LION Floor is reportedly the cost-effective alternative to good quality flooring grade plywood and the ‘reliable way’ to a trouble-free installation.
Says the company: ‘By eliminating the core gaps, veneer overlaps, and delamination issues that can be found in even the best quality plywood, LION Floor is the engineered fibreboard subfloor that can be relied on for the trouble-free installation of LVT and other resilient flooring.’
Available in a range of sheet sizes for domestic and commercial work, LION Floor is preconditioned (moisture content 8-10%) so there’s no need to wet and it can be cleanly cut with just a knife, cutting down on mess and noise.
The company continues: ‘Suitable for fixing with nails and screws, this is a versatile, reliable, and easy to work with engineered board that’s a better alternative to flooring grade plywood.’
Peter Jones of Finnish Fibreboard says: ‘LION Floor eliminates the problems that can be found in flooring grade plywood, so you can always be confident it’ll deliver a lasting and reliable subfloor.
We’ve developed the manufacturing process over 80 years and have refined the product so that it not only delivers as a cost-effective alternative to plywood, but one that’s also easy to work with, more reliable and more sustainable.’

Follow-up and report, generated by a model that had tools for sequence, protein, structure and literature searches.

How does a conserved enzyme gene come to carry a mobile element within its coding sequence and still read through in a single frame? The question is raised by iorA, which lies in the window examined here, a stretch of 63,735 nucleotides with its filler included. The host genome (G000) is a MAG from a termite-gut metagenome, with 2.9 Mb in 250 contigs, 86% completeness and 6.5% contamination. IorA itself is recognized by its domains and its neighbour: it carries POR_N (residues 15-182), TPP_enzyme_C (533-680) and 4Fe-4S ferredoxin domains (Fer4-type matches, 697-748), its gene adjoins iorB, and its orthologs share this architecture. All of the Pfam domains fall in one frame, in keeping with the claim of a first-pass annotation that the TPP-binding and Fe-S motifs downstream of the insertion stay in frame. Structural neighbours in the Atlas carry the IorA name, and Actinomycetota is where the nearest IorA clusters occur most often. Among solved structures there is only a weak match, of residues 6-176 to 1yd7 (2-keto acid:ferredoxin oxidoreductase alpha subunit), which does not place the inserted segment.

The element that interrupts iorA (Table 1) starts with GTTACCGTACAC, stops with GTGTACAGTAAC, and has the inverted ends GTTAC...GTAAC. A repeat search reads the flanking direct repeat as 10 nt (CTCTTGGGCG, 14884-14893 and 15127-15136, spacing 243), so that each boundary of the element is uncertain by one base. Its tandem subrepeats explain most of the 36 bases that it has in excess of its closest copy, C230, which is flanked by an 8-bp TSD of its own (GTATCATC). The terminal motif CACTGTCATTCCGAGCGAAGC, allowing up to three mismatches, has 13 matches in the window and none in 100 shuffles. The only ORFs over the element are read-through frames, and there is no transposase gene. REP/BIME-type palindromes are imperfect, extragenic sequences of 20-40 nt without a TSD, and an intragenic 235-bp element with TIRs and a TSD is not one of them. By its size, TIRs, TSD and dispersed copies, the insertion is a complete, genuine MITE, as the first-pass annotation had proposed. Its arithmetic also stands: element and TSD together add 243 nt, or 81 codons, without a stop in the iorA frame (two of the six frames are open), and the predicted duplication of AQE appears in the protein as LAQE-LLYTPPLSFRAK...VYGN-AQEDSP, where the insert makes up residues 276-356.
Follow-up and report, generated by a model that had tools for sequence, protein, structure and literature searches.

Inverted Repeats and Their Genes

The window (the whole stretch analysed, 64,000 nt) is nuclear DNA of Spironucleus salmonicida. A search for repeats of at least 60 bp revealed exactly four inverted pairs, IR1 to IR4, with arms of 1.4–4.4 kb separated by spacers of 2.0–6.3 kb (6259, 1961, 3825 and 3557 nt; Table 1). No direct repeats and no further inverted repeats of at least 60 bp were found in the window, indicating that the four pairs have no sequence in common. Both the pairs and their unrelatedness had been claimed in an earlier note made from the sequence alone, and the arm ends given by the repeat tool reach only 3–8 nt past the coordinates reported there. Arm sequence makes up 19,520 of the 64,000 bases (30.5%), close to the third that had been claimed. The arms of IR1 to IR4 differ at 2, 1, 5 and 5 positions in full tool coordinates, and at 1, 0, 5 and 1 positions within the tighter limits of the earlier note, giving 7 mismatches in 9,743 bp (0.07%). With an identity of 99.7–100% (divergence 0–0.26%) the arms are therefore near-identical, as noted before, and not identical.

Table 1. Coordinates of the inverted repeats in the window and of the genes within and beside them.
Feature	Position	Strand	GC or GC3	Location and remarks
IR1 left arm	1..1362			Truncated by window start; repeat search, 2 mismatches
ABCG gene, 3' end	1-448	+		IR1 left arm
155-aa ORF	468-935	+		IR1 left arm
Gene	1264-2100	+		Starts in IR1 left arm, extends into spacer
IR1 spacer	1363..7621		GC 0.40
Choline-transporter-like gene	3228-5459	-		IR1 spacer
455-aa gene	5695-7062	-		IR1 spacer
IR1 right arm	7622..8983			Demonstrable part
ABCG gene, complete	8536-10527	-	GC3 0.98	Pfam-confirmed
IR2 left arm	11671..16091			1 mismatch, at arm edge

Finnish Fibreboard says it manufactures LION Floor from wood by-products sourced locally and from legally managed, sustainable forests. ‘The raw material for LION Floor comes almost completely from Programme for the Endorsement of Forest Certification (PEFC) certified forests, so its origin and journey can be traced all the way from forest to finished product.’
The company adds: ‘LION Floor is the first hardboard panel to be designed and manufactured for the flooring industry. It’s also one of a very small number of fabricated underlays which can be used for LVT and other resilient floorcoverings that meets British Standards and CFA guidance. The trouble-free LION Floor is available by contacting firstname.lastname@example.org to find your nearest stockist.’